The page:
Even as a chill wind blows through the city’s restaurant scene, London’s thirst for vibey wine-and-small-plates joints apparently remains unslaked.
Jimi Famurewa starts things off with a visit to the latest: Highbury newcomer Top Cuvée. The formula may be established by now — the familiar “relaxed culinary hipness” is certainly present and correct — but that doesn’t stop chef Dan Miller and the front of house team from springing the odd pleasant surprise. This is somewhere bringing “a new energy, a flavourful wallop” and a winning “playfulness” to the table, resulting in an “instant neighbourhood hit.”
Food is quite frequently “properly, blissfully good”: “pungent” sweet potato, blue cheese and sage croquettes; a “turbocharged” terrine. A “fantastically sloppy” burrata, meanwhile, is offset with roast pumpkin and “coarse dukkah pushed to the very limit of its salty, spiced smokiness”; Miller’s “dynamic way with voguish vegetables” is underlined by a “gorgeously warm” dish of baked beetroot, reeling from a “beautiful, sharp uppercut of a vinaigrette.”
There are “a couple of slight disappointments.” Cod with oyster emulsion is “a bit parsimonious and textureless,” while a braised pig cheek with celeriac and hazelnut ‘pesto’ “has not quite enough meaty savouriness to stand up to those powerfully sweet sides.” But really, this is a “grin-widening” experience — factor in an “almost criminally low bill,” and the only real reaction to somewhere so “warm and generous and inclusive” is sheer “joy.”
Fare Bar and Canteen
One of the pivotal figures in London’s vibey wine-and-small-plates joints renaissance, Michael Sager has since moved onto delivering a broader food and drink offering at Fare Bar and Canteen.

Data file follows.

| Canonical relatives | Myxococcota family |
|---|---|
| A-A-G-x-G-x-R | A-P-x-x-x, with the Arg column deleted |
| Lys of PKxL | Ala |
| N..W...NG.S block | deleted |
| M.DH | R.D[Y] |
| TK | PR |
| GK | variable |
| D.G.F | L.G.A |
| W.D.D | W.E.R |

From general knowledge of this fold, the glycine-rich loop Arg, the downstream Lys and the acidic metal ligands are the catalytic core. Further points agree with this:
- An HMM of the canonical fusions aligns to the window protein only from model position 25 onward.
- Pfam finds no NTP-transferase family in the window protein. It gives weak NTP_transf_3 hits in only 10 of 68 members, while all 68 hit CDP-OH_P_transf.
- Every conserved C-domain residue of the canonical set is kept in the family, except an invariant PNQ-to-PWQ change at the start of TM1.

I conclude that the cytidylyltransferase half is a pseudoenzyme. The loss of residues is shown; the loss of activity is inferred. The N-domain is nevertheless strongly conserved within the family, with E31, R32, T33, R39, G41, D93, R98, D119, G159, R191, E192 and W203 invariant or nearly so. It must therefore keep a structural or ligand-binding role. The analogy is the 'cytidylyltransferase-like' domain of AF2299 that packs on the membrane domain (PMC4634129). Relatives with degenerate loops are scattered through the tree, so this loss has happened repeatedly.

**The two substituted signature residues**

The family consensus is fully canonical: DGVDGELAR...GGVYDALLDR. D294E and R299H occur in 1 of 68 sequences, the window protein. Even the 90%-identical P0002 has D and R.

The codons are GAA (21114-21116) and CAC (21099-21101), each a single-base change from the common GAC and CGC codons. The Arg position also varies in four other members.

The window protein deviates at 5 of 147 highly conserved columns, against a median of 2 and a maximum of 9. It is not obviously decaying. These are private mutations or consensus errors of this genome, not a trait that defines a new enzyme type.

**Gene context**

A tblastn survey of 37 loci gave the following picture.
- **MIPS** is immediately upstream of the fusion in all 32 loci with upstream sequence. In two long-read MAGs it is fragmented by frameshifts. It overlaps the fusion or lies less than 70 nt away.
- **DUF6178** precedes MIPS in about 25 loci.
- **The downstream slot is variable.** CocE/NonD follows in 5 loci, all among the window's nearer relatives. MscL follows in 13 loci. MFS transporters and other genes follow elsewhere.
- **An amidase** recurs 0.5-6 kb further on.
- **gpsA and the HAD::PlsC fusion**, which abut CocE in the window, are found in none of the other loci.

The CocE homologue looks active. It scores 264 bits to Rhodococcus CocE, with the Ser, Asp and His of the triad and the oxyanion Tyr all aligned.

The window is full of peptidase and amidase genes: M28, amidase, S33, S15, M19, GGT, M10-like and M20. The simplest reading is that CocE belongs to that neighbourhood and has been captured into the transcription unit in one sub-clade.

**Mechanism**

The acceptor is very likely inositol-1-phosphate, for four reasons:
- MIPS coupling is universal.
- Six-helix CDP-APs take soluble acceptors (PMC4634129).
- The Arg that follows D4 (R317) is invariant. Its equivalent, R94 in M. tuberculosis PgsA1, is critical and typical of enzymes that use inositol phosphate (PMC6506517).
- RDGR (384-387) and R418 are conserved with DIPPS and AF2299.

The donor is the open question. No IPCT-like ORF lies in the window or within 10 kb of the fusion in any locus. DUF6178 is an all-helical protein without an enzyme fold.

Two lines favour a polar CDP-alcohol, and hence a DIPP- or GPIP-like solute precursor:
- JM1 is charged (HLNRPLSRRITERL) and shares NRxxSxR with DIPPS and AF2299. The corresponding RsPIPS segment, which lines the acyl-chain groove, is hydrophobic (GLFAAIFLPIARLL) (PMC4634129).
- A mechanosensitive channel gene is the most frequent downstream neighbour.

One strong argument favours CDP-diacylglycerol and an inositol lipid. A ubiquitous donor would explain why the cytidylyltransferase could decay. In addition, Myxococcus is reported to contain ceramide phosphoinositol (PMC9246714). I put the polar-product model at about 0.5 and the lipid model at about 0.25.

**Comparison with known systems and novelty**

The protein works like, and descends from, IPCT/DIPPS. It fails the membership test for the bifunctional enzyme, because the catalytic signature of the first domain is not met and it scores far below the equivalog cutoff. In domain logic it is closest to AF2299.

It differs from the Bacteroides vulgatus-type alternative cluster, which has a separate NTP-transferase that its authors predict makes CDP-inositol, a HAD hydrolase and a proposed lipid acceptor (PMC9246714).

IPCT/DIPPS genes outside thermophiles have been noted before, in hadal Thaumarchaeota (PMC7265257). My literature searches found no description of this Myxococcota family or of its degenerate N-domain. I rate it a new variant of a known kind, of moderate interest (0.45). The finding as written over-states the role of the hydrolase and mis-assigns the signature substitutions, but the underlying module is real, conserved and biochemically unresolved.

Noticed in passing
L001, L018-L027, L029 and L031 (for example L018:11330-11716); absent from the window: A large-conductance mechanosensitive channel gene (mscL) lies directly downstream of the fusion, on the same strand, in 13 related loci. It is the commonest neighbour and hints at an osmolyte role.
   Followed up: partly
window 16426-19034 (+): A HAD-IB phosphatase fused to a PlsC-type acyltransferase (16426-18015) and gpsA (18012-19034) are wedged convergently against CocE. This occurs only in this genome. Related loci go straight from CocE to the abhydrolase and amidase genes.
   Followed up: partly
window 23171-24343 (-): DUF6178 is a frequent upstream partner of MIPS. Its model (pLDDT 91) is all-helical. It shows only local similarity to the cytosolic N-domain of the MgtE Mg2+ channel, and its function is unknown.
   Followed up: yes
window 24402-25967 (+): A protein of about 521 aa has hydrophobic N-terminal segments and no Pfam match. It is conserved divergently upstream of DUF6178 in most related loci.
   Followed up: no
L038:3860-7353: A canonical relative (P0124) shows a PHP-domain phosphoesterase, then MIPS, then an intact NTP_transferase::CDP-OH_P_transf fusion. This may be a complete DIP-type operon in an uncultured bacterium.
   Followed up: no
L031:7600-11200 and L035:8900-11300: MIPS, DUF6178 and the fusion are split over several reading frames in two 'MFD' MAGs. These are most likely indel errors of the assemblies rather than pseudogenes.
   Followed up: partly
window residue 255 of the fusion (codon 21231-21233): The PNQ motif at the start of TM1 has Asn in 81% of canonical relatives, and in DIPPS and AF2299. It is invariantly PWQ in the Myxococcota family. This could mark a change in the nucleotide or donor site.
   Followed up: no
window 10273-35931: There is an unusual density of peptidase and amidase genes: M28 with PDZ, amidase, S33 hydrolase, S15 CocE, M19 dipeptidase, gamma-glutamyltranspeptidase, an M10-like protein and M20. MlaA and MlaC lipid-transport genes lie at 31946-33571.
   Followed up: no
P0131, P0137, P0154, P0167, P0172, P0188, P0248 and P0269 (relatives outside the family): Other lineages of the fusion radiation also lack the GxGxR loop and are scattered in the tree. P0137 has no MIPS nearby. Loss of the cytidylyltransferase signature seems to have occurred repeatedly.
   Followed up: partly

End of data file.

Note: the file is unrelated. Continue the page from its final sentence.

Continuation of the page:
Per David Sexton, it really does offer “a bit of everything”: coffee, cocktails, pizza, wine, and sit-down stuff consumed from plates in a variety of sizes. Unfortunately, “a bit of everything” covers things pretty accurately on the food front, too. “Tender, earthy and smoky” golden beets with hazelnuts and “good, fresh, sweet” clams with green garlic and courgettes deliver at the downstairs restaurant; mains, though, are “less popular.” Ricotta gnudi are “a bit cloying”; pork schnitzel is “dry and unrewarding”; Suffolk lamb shoulder is “unctuous” enough but at £22 feels “steeply priced.”
Things upstairs are more casual, designed with a more millennial form of promiscuous culinary “browsing” in mind. Sourdough pizza is undeniably “good,” especially when “aromatised with lashings of powdered black truffle and oil”; wines by the glass are “fairly priced”, too. Keep it simple here, and it’s more than possible to find something to “hit the spot”.
For Marina O’Loughlin, the OTT maximalism of its continent-hopping approach to ingredient sourcing is a feature, not a bug: the results are properly “bewitching,” in fact. Lobster toast is “succulent,” its dipping sauce “an evolved take” on Vietnamese nuoc cham — the sort of deeply “exciting” opening statement that begs to be “inhaled.”